The Mandarin civil service was one of the constants of Imperial China, dating back to at least the Zhou Dynasty (1027 – 256 B.C.). Initially, its officials were hired exclusively based on recommendations and family connections, but soon exams were instituted to assess the viability of these candidates for different ranks and offices. By the Sui (A.D. 589 – 618) and Tang Dynasty (618 – 907), the world’s first formal, open exam system was in place. While it did not achieve the meritocracy to which it supposedly aspired, this would have always been difficult for a ground-breaking initiative. Its impact may only have been limited to a small section of the Chinese population, primarily the officials and the urbanites, but it led to significant social changes for these groups and laid the groundwork for the wide-ranging systems to come.
Since their inception, the exams placed a great emphasis on ancient Confucian philosophy and politics, which focuses on personal ethics, self-cultivation, rituals and tradition. The educations of men destined for civil and bureaucratic service were almost entirely focused on Confucius’s (550 – 479 B.C.) teachings. Thus, a symbiotic relationship existed between Confucianism and the civil service: the bureaucrats’ guiding principles were drawn from his philosophy, and their omnipresence in Imperial China ensured that the philosopher and his thinking remained in high esteem.
The very first exams for entry to the civil service were instituted in 136 B.C., by Emperor Wu of Han. He established a state university for the exclusive study of the Confucian Classics, which formed the core of all examinations until the civil service’s eventual abolition in 1905 (although which texts were considered Classics did change over time). By A.D. 1, 100 students a year were entering the civil service this way – out of around 30,000 students at the imperial academy at any one time.
Prospective examinees were only eligible if they were noble, and required recommendations from both provincial officials and their schoolmasters – if they were fortunate enough to go to school. Even then, passing the exam was not a formal route to office; those who scored highly often fared no better than the worst performers, and connections and recommendations remained of primary importance. These exams were not an avenue for brilliant minds to get into the civil service, instead merely testing those predetermined to have a post.
The short-lived Sui Dynasty in the late 6th Century, the first to unify China in almost three centuries, made the first modifications to this system. Three different tiers of exams were created: those for classicists; cultivated talents; and the jinshi exam for the ‘presented scholar’. This system was inherited and continued by the Tang (618 – 907), with additional, separate literary, legal and mathematical exams that qualified candidates for specific posts.
The jinshi degree was the most prestigious of these degrees, serving first as a fast track, and later as a prerequisite, for high office. Throughout the whole Tang Dynasty fewer than 50 a year were awarded. Empress Wu (690 – 705, de facto 665 – 705) promoted the importance of this degree in attaining top jobs. As a woman and usurper of the throne from the imperial Li family, she was hated by the Li and their traditional allies in the great families from the northwest. These powerful families also made up much of the upper bureaucracy. Therefore, she widened the pool of eligible candidates to include lower gentry and commoners. She also increased the importance of the top-level jinshi degree to fill the high ranks of the civil service with men loyal to her, increased the number of jinshi graduates per year and graduated more men from the east and northeast, as opposed to the northwest, the home of the Li family and its allies.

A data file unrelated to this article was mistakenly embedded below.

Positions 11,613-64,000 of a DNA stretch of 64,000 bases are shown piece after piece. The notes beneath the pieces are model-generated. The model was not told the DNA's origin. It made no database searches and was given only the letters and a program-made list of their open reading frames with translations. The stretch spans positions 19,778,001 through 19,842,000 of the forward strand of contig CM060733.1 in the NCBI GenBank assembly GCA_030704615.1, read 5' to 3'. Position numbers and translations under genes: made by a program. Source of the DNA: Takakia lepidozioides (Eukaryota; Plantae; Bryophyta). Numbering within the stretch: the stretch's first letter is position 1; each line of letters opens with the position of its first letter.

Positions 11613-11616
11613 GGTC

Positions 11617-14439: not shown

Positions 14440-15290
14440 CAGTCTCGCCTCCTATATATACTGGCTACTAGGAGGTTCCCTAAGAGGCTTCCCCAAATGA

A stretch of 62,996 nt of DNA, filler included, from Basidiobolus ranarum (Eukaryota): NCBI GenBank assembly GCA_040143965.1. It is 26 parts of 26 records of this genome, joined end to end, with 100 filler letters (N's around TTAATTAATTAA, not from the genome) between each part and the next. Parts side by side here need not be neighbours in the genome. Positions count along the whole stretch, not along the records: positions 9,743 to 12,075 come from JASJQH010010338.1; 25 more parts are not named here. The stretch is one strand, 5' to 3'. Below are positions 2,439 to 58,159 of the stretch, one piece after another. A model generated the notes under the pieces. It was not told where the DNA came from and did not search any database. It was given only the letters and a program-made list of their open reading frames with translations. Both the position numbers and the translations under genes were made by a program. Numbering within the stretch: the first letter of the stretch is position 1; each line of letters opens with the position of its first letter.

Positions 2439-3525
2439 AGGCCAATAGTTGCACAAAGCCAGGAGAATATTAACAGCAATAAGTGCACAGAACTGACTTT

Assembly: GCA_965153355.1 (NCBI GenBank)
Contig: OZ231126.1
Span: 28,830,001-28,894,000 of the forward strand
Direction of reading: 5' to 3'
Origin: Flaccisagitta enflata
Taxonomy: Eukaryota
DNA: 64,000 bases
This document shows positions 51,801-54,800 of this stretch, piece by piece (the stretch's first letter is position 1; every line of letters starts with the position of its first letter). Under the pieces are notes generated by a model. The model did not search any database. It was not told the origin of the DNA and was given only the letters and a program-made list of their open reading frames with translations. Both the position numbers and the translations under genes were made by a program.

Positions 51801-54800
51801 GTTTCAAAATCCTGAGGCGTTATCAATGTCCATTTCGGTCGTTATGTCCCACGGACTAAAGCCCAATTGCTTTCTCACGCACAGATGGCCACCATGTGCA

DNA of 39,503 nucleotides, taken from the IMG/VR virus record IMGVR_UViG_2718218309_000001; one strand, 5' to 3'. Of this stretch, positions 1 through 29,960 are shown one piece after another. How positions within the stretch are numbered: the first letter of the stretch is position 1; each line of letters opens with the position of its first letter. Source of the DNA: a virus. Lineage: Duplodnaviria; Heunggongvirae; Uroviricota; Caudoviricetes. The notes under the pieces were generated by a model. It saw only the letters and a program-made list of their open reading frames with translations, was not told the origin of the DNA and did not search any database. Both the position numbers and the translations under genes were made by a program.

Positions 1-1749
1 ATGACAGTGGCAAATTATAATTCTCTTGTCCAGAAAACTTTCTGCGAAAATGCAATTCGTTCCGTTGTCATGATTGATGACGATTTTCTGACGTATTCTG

While it may seem that accession to the civil service was more meritocratic, in fact the exams themselves institutionalised the importance of connections. The examination process was a lengthy one, often lasting several months, with candidates expected to present samples of their literary work to the examiners and converse and socialise with them. The aim was to deliberately personalise, rather than anonymise, the exams, thereby ensuring that future officials were wise rather than simply well-taught and well-read.
This left the system open to favouritism, bias and abuse. Candidates would also present their writing samples to powerful ‘patrons’ in the imperial capital, Chang’an, where the examinations took place, hoping to secure their favour. Patrons would lobby for their desired candidates vociferously. In some years, the complete list of successful candidates was drawn up before the formal examination had even taken place.
Noble families were obsessed by the prestige of these degrees. The so-called great families had distinguished themselves from the other wealthy, landed gentry through their history of imperial service, and so to maintain their social status they had to achieve senior bureaucratic posts. Under the Tang, the best way to do this was through the examination system. All the best schools and connections were in Chang’an, and so the great families abandoned their provincial landholdings to their less prestigious relatives that had not achieved office and relocated to the capital. This was an option not available to many of the local gentry that had little power or recognition in the capital.
Overall, this may lead one to believe the examination system was not meritocratic, and indeed it was not (by modern standards) due to these systemic issues. However, the ethical principle that appointments should be on the basis of talent had triumphed, even if the competition for such appointments still only existed amongst a narrow elite. The bureaucratic aristocracy had exchanged family names for family positions, gained through exams, as the currency of status.